Our lifestyles have changed and the way we consume seems to be to our own detriment. But deep down I think we all care about these things, because they’re something worth caring about. Freshly churned butter and fresh cream and eggs are things of value and to be appreciated. Golden grain, grown from seed that hasn’t been tampered with, it’s roots deep in dark, alluvial soils alive with organic matter, are to be coveted. Rest assured, they will continue their story through my cakes.
vintage picnics gillian bell
Do you like to picnic? I’ve always loved picnics. Proper ones, that is. Where the basket is overflowing, its bounty wrapped in some cheery print.
My Swallows & Amazons vintage-style picnics is a nod back to the picnics of my childhood – full of adventure, sticky buns and tea. Where plots were planned lying on your back staring into the dappled-green canopy overhead, opening small parcels of food from a creaking hamper was as exciting as Christmas morning, and food tasted better beside a river.
My vintage-style picnics provide you with all the picnicware you need to have yourself a proper picnic from the past, with hampers, dainty plates, Thermos’ flasks, blankets and transistor radios. And what’s to eat? Well, you can choose from a menu that’s full of home-baked tarts and pies, soup and sausage rolls, fresh sandwiches, sticky buns, biscuits, scones and cakes, jellies and puddings, iced teas, homemade cordials and lemonades. Oh, and of course, a Thermos full of piping hot tea or coffee. Everything you need for a splendid day out!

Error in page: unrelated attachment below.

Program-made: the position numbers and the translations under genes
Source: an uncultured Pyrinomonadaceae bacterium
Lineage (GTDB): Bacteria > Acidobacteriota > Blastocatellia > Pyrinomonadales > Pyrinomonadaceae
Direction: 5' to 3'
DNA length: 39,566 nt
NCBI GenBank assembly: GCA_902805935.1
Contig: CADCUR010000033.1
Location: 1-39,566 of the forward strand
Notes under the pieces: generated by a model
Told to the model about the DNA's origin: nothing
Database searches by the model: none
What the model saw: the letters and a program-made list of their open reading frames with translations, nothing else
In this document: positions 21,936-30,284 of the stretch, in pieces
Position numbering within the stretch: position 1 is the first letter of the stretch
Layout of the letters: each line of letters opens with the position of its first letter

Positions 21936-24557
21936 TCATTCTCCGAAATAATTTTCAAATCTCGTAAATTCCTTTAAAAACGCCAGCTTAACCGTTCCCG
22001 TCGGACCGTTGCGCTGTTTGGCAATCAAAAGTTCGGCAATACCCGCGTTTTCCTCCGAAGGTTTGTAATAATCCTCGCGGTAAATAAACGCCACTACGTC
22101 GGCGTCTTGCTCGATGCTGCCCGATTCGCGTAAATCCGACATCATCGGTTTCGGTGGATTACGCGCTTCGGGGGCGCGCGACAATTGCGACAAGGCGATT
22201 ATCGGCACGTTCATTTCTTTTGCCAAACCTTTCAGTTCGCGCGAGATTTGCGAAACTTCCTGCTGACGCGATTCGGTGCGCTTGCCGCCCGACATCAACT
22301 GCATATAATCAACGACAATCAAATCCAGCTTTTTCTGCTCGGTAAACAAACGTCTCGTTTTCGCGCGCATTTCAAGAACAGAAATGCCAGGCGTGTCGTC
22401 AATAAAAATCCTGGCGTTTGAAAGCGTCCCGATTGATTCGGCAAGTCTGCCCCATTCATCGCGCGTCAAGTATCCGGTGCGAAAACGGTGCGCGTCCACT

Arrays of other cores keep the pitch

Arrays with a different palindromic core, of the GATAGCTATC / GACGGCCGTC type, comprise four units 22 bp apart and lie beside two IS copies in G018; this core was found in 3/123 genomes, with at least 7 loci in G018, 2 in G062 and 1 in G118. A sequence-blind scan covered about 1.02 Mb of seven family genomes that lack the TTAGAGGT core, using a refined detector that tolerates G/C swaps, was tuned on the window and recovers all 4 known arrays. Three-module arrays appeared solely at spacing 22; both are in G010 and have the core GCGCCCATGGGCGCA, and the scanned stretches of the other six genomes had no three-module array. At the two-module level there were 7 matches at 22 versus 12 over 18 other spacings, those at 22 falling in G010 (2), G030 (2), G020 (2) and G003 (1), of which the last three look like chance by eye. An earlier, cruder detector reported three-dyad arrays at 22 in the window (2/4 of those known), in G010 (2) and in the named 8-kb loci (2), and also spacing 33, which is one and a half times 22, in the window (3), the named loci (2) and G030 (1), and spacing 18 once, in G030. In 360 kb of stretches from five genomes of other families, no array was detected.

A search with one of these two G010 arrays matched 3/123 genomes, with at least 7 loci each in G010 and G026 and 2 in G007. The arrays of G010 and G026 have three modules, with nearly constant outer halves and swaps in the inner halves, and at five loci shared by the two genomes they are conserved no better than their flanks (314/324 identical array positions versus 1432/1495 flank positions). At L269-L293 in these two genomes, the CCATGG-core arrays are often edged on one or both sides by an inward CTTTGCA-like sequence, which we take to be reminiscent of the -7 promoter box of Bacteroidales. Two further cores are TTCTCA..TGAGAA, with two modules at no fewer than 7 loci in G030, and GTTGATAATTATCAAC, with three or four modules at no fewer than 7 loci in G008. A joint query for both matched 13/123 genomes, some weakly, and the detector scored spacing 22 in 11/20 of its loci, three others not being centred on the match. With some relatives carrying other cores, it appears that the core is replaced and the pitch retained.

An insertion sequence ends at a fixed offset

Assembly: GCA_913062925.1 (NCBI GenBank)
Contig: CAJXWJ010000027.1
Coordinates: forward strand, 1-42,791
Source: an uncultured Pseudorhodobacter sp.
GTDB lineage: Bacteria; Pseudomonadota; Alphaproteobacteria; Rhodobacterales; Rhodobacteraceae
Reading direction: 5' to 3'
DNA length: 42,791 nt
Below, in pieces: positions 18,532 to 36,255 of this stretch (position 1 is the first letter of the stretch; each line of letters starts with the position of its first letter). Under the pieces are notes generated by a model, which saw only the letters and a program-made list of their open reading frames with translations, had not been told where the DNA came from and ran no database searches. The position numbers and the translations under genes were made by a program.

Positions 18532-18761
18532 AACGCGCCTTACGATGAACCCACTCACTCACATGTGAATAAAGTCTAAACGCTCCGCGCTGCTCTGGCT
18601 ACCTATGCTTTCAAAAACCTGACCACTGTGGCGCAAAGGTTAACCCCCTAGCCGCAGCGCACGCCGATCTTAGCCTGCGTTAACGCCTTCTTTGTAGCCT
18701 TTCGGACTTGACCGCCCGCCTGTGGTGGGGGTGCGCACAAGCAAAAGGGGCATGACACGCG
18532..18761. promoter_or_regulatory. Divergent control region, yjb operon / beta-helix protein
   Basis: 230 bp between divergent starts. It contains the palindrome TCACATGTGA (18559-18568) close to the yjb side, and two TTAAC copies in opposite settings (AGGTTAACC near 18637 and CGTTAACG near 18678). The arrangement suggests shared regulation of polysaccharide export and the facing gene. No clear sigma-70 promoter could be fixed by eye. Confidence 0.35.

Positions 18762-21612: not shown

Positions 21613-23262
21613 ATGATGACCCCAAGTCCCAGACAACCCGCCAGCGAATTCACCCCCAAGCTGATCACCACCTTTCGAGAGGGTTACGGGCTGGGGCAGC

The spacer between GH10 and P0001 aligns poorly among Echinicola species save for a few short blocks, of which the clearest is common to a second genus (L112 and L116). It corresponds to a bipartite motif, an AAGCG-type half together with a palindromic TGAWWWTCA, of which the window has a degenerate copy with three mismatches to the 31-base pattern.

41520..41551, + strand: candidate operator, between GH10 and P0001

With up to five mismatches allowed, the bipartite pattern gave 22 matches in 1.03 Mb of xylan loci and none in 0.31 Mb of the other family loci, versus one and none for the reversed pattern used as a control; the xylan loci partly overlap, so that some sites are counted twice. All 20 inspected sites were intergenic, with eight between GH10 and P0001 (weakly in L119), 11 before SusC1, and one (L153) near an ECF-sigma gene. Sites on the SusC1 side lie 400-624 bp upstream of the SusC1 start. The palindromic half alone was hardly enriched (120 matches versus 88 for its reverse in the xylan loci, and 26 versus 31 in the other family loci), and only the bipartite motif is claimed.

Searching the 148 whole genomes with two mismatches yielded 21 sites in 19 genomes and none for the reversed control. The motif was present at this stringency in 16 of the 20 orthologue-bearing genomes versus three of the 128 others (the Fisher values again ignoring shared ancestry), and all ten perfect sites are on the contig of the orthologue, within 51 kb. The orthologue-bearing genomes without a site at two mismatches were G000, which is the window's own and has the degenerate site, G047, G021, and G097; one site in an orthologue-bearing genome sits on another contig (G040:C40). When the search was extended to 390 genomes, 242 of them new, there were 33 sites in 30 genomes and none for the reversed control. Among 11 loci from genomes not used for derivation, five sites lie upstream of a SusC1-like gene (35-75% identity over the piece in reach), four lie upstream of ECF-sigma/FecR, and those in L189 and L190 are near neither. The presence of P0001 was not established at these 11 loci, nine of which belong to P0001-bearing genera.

Email for more information http://www.gillianbellcake.com.au/contact-us/
vintage picnics gillian bell
vintage picnics gillian bell
Dawn arrived on tiptoe this morning, through soft rain. But the rain can’t dampen the promise of the day ahead.
Miss F and Mr S are getting married today and their yellow rose petal cake, the colour of sunshine, symbolises all the joy and optimism and love that will fill their day.
They chose a two tier lemon cake, in ivory fondant, wrapped in soft organza and scattered with sugar rose petals. Each petal is made by hand and individually coloured.
“Shall I compare thee to a summer’s day? Thou art more lovely and more temperate”.
My very best wishes to you both. yellow roses
The rat… appeared staggering under a fat, wicker luncheon basket. “Shove that under your feet, he observed to the Mole, as he passed it down into his boat…
“What’s inside it?” asked the Mole wriggling with curiosity.
“There’s cold chicken inside it” replied the Rat briefly, “Cold chicken, cold tongue, cold ham, cold beef, pickled gherkin, salad french rolls, cress sandwiches, potted meat, ginger beer, lemonade – soda water.”
“O stop, stop!” cried the Mole in ecstasies.*
I love picnics. Something tasty to eat wrapped in pastry (which always tastes better outdoors), lying on a picnic rug staring up at the land of clouds or reading a good book, sticky cakes in tins and thermos flasks of tea.
Today is the perfect day for a picnic and I wouldn’t mind Ratty and Moles’ spread. But every picnic needs a cake, which their picnic hamper is decidedly lacking. Not a fancy one mind, but the sort that will stand up to the journey – the packing of the car or the crush of the rucksack. No, it needs to be a solid, dependable one that reassures you the moment you lift the lid of the tin that it has arrived in one piece and looking as good as if you had served it at home. So I think a sticky date and walnut loaf is in order. Buttered or not, whichever way you prefer. And I’m going to make a traditional egg and bacon pie that I can cut into big wedges when we get there and serve it with ripe tomatoes, simply sliced open and sprinkled with fresh mint and sea salt.
*From The Wind in the Willows by Kenneth Graham